In May 2006, Iranian authorities detained 54 Baha’is in the city of Shiraz, and all but one were subsequently accused of “offenses related to state security”. The Baha’is were volunteering for a community project that offered classes to underprivileged youth (with the permission of the Islamic Council of Shiraz) – an act so subversive that it was deemed “anti-state propaganda” by an Iranian government spokesperson.

Eventually, three were sentenced to 4 years imprisonment, while the remaining were given one-year suspended prison sentences, provided they attend Islamic classes.

“Human Rights Activists in Iran” recently released a governmental report, dating back to the 16th of June 2008, which was written by an Inspector General who was charged with re-investigating the accusations brought against the three prisoners.

To investigate, the Inspector didn’t resort to lie detectors or intense interrogations, nor did he allow the regime’s oft-repeated propagandist slogans mar his judgement. Rather, he took the logical path of visiting the community the detained Baha’is were involved with, and inquiring about the nature of their work.

After hearing the testimony of the accused and their parents and studying their legal file, I proceeded to the district of Mihdi-Abad and sought and spoke with one of the residents of that area, who introduced himself as retired Colonel Jadi. After I had presented my questions, he stated the following regarding the activities and conduct of the aforesaid group [of Baha’is]: “From the beginning of their activities until now, these individuals have regularly conducted weekly classes for teenagers and youth with charitable and humanitarian objectives. Most of these classed have focused on arts, calligraphy, health and morality. Never was anything related to politics or religion ever discussed. And at no time was the Baha’i faith, either by name or implication, mentioned.”

He was very pleased by the manner of training and the Baha’i presence among the teenagers and youth in this district and believed that ever since they came into the Mihdi-Abad area, the manner of conduct, association and social dealings of the youth had greatly improved, to the point that the families in that region were deeply encouraged about the future and the education of their children.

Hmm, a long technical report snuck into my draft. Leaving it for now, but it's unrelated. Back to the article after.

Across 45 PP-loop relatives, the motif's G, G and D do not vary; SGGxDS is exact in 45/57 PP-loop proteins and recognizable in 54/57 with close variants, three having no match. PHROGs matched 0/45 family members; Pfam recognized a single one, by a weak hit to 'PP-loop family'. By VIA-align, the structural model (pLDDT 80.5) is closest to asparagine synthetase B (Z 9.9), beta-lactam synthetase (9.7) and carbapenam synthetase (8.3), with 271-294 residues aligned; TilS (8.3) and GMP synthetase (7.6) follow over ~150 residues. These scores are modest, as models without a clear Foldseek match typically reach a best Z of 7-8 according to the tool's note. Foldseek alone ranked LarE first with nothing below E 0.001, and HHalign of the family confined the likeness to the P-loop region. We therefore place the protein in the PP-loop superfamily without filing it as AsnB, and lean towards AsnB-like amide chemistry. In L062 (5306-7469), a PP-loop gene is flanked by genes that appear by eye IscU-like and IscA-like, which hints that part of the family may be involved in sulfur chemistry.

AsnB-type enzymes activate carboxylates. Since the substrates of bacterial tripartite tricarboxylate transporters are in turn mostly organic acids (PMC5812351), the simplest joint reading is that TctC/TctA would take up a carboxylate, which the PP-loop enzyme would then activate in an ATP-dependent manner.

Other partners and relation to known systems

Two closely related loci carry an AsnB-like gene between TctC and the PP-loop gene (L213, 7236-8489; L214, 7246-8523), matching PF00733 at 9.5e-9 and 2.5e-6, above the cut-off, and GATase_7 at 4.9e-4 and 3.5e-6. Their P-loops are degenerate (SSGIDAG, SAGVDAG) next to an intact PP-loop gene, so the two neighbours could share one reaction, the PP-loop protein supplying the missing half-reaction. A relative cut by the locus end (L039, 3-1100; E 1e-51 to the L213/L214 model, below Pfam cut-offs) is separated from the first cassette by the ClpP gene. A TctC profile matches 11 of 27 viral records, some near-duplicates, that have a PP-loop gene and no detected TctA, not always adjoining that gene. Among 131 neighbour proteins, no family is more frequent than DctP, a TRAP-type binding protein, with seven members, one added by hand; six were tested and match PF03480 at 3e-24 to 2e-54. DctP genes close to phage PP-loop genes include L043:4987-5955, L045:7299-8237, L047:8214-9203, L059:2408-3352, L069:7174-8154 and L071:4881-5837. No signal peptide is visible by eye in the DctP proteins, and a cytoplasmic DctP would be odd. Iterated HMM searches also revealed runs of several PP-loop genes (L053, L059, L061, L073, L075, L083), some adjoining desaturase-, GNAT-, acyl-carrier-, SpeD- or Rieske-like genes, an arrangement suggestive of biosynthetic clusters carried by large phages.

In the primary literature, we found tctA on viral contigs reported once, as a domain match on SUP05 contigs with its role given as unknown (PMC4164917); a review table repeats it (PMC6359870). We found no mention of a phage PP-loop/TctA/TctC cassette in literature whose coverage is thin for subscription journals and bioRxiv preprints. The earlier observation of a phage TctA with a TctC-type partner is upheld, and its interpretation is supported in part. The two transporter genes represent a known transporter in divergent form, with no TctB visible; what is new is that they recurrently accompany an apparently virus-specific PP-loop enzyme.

I also spoke with 8 of the teenagers and youth who had participated in the said classes. After asking my questions, they replied that this group [i.e. the imprisoned Baha’i youth] were engaged in general education and all classes were concentrated on arts, calligraphy, moral and social teachings, and never was anything related to politics discussed, nor was anything ever said contrary to religious, legal or cultural norms [of the current Iranian society]. They further added, “All of us teenagers and youth have truly benefited from the presence of this group and their efforts, and we request that once again they may return and be in our midst.”

Translation by: Iran Press Watch

Over 4 months have passed since this report was presented to Office of the Supreme Leader, yet there appears to be no signs of an imminent release of the falsely accused prisoners. In fact, since then, the perplexity of the situation has intensified with Iran accusing the seven arrested Baha’i leaders of being “Israeli spies“.

But there are reasons to be hopeful: there exists in Iran a rising tide of voices that are speaking out for justice and equality for the Baha’i minority, and as history has proven time and time again, it is only inevitable that they will prevail.